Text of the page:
[I know, it’s been a long time. I’m done with school now, so maybe I’ll get back in the swing of things on the blog.]
For the most part, scripture doesn’t speak directly about the core doctrines of Christianity.
The Bible is mostly story, so I guess this shouldn’t be surprising, but it is a disconcerting fact for many. Properly, doctrine belongs to the Church. The core doctrines are how we sort out our life together and our experience of God as we live life together.
What then is scripture, if not a theology book? It is for praying. (Not exclusively, of course, but primarily). The psalms and canticles are the primary content of our prayers. The Gospels tell us the wonderful story of why we have a Church at al, of why we pray at alll. The Old Testament — and in this sense it is probably more appropriate to call it Hebrew Scripture — is the same but without the fullness of the New Testament. The epistles describe our life together so that our prayers can find their proper home or context.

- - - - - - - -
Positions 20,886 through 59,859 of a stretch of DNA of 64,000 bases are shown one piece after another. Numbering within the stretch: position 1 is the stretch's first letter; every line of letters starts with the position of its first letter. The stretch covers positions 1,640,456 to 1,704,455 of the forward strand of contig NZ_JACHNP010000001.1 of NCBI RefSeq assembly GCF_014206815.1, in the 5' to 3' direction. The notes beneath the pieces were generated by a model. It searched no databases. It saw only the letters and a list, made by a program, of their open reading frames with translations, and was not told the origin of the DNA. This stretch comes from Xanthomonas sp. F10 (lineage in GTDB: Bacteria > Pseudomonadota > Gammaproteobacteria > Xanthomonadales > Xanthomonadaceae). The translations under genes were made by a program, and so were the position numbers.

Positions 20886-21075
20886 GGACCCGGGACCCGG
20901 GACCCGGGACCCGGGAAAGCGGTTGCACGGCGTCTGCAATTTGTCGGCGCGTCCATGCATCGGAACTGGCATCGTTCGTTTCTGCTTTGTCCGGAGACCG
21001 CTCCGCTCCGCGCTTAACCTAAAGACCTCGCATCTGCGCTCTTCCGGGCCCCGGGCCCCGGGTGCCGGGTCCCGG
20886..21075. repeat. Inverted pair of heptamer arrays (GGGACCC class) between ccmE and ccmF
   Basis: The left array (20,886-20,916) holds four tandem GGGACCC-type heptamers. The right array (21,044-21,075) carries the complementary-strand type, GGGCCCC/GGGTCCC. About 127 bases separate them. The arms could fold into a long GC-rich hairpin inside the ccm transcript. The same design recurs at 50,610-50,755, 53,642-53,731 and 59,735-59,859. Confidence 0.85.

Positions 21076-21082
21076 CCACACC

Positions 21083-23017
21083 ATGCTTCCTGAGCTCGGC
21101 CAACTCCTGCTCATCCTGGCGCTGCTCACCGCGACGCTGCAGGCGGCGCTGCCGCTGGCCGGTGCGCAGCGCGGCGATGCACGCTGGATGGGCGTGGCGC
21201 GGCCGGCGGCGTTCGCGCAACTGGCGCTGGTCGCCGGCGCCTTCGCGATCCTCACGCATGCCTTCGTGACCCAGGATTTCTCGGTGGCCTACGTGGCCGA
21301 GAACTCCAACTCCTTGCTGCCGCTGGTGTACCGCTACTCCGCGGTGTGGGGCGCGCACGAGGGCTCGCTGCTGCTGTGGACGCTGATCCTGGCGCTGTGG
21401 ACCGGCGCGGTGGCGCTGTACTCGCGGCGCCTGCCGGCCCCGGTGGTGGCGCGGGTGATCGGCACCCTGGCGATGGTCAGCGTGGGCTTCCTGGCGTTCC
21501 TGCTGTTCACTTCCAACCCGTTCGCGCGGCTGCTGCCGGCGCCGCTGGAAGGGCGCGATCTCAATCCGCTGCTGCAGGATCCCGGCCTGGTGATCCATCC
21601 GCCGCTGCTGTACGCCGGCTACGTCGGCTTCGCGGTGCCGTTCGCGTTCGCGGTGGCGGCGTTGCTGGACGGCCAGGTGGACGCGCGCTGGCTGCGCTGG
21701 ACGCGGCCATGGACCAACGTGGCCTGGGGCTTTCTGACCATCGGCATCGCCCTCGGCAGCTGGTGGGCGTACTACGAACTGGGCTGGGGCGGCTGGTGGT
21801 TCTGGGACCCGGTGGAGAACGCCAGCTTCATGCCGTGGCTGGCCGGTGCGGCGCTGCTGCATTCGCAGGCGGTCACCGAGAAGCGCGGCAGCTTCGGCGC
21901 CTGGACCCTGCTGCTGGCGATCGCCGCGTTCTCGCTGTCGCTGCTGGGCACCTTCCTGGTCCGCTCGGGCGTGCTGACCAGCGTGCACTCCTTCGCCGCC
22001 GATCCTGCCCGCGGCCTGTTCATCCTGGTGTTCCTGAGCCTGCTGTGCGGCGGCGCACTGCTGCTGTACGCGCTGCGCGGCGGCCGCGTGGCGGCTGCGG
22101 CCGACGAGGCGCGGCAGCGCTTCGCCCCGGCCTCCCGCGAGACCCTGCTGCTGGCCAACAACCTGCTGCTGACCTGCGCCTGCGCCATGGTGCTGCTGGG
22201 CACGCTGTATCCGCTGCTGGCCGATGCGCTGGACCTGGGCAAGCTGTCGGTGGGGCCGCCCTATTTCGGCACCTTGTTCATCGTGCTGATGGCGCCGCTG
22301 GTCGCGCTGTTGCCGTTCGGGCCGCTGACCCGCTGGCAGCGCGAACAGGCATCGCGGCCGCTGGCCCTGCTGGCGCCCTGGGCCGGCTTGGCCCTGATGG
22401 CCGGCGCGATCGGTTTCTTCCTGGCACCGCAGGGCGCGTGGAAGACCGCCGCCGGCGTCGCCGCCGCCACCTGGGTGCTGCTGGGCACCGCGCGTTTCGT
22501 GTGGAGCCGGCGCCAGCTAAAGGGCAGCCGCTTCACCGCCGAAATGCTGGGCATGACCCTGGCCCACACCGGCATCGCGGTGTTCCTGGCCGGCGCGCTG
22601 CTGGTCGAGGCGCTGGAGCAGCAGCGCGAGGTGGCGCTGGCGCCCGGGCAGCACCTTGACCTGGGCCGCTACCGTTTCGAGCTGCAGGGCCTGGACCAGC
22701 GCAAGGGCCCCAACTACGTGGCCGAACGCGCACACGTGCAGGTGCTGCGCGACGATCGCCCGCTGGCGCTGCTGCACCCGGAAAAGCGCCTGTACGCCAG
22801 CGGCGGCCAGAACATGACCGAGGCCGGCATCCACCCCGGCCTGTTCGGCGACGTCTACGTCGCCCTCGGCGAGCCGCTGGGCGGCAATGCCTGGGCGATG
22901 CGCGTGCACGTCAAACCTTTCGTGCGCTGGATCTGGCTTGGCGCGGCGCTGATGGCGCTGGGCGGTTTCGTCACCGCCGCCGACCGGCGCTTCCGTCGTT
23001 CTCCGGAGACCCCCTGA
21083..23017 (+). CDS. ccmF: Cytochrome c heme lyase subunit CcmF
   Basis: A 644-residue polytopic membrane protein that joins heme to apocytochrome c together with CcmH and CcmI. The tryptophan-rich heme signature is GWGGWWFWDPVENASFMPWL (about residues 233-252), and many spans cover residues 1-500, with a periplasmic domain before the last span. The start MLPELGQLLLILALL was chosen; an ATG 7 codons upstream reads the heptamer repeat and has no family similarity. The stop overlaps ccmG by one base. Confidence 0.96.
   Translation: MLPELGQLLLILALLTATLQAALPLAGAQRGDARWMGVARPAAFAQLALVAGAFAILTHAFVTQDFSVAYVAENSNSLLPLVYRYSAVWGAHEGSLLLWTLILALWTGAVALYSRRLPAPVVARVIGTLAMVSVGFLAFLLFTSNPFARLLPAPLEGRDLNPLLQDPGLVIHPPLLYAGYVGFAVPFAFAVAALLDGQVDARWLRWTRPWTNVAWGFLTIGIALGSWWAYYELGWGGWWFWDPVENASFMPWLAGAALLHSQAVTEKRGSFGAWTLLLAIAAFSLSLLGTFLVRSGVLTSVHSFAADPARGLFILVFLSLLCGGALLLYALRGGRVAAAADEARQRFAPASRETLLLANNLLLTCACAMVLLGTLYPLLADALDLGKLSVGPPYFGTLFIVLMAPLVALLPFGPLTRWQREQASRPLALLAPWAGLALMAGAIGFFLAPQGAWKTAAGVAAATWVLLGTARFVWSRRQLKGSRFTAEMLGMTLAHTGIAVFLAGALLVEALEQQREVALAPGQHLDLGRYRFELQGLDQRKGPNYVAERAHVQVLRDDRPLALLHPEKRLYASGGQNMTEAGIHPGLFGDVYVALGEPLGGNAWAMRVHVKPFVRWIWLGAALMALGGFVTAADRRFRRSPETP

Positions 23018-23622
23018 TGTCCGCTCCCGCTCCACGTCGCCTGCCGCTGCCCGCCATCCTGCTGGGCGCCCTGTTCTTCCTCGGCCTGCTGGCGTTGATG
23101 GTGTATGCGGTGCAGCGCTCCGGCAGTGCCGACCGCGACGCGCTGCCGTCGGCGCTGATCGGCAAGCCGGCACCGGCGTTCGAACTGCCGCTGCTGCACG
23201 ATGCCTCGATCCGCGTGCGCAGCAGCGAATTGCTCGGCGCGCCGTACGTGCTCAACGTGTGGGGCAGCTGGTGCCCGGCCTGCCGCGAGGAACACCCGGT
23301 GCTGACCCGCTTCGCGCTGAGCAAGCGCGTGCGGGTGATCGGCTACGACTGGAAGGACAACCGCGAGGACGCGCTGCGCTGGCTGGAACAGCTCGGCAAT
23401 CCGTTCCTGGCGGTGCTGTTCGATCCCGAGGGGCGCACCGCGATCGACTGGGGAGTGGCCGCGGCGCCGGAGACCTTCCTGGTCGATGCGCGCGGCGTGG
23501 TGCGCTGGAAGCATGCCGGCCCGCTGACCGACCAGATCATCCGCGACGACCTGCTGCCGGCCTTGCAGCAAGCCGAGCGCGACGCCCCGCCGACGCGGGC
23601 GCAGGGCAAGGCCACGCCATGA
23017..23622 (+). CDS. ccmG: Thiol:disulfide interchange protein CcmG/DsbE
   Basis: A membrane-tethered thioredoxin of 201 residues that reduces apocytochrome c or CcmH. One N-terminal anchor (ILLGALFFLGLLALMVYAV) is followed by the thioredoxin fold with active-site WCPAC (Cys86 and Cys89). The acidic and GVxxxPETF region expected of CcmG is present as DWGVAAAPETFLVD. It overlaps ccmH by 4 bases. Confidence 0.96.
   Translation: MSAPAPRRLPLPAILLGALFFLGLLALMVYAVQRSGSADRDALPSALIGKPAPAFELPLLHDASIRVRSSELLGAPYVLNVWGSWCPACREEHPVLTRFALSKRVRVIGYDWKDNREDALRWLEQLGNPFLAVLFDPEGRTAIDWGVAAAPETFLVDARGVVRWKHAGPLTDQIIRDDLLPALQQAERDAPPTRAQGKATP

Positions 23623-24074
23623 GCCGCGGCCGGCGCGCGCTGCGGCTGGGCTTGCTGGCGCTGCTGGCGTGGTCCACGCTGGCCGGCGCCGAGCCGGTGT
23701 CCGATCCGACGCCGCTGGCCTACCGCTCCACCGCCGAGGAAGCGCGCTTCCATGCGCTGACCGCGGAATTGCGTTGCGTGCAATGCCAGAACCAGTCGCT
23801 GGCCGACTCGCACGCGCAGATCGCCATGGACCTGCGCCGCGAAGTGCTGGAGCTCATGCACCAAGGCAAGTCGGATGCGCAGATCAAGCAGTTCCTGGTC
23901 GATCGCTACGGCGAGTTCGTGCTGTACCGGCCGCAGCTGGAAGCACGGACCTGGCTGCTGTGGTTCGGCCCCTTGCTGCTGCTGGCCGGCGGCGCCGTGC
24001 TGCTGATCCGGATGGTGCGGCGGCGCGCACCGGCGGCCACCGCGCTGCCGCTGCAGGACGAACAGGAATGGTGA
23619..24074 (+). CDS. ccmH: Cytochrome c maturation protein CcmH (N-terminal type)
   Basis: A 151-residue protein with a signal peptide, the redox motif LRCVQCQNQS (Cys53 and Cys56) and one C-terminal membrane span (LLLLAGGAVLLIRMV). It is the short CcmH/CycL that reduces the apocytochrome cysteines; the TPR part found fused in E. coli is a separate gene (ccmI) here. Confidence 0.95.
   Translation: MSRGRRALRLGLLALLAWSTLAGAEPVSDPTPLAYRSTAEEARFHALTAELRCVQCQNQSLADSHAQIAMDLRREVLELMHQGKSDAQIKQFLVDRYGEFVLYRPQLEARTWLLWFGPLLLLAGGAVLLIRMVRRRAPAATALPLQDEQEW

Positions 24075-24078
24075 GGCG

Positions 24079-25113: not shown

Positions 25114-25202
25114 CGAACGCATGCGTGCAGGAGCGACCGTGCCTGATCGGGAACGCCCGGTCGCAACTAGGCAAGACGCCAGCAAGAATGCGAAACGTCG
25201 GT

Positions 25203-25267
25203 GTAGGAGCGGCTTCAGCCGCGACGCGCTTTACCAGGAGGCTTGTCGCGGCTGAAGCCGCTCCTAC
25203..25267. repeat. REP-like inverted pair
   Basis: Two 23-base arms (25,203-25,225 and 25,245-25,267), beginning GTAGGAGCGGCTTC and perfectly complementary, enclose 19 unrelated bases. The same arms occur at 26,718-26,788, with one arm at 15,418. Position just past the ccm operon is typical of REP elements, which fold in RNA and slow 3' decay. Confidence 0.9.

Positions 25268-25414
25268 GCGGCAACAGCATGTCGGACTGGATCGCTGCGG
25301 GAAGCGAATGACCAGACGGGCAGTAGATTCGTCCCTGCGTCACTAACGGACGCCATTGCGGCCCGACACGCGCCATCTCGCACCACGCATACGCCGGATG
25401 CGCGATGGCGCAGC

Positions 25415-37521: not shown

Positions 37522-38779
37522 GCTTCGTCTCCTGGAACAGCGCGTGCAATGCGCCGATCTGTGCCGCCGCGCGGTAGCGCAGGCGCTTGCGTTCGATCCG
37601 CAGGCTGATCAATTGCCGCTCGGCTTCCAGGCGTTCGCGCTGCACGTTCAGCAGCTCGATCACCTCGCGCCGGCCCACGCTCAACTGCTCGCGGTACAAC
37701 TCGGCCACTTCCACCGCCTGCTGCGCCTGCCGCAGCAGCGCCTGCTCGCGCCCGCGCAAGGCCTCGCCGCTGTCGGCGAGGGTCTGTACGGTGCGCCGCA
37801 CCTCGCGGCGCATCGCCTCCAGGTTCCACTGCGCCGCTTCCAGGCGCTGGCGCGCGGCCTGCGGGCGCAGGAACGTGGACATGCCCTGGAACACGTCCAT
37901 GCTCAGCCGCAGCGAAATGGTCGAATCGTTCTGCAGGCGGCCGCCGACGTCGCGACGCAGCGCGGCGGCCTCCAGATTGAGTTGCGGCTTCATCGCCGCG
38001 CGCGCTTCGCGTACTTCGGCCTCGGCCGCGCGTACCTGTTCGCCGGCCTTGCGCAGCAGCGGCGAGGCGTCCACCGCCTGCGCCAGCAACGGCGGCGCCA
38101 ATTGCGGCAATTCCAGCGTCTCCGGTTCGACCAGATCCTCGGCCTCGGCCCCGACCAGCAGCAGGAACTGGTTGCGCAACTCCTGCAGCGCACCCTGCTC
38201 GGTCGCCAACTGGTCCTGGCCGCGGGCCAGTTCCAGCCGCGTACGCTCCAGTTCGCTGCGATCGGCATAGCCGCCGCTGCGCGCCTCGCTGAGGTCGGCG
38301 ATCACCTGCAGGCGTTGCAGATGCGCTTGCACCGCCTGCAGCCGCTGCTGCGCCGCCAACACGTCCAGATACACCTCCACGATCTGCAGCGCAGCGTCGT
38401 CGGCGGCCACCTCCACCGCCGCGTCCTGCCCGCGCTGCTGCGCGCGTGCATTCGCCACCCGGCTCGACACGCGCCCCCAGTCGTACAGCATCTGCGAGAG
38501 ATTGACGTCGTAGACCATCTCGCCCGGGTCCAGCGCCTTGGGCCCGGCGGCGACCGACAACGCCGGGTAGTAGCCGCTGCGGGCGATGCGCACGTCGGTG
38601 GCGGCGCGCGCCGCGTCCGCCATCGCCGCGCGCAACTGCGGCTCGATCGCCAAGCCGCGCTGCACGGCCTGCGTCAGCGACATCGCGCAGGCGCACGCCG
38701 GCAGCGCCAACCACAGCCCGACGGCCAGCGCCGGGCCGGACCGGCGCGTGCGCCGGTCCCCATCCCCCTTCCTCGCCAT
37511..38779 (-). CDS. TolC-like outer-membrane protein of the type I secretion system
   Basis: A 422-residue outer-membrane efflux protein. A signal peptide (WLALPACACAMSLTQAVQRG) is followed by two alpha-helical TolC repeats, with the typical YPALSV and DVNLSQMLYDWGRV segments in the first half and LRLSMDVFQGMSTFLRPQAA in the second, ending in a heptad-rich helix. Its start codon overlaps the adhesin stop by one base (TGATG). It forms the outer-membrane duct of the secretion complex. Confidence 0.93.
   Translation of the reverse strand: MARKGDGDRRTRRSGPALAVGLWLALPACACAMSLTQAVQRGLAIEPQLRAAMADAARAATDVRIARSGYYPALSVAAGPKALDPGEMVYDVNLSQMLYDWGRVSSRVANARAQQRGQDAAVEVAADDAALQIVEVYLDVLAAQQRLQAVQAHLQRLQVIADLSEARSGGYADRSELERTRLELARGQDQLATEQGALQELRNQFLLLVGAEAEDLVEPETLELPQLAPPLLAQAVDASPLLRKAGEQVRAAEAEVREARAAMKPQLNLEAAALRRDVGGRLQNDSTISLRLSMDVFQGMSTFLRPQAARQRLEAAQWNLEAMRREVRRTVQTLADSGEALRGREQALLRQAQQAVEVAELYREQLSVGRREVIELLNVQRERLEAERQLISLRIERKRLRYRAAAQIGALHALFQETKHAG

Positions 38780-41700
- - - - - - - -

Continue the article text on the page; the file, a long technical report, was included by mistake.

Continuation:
Doctrine is fine (I know, it’s an odd thing for a trained theologian to say), but it is a second order aspect of our life together. Prayer, as fed by scripture and life together — with each other and with God — is our entry into the font of our being. From that comes our transformation, our service to others, our doctrine.
And oddly enough, this is precisely why doctrine is so vital. It is our definition of our life together with God and each other. If we get that wrong, it suggests we’re getting our prayer wrong. Doctrine is a litmus test of the purity of our life together in all its manifestations.
The Orthodox Church reserves the title “Theologian” for very few people (John, Gregory, Symeon the New Theologian), and they were all pray-ers, then poets, before becoming theologians.
This is not a new thought, but as I sort out theology with other strugglers, mostly American Evangelicals, it’s a thought that haunts me. It seemed high time to put it to words in this space.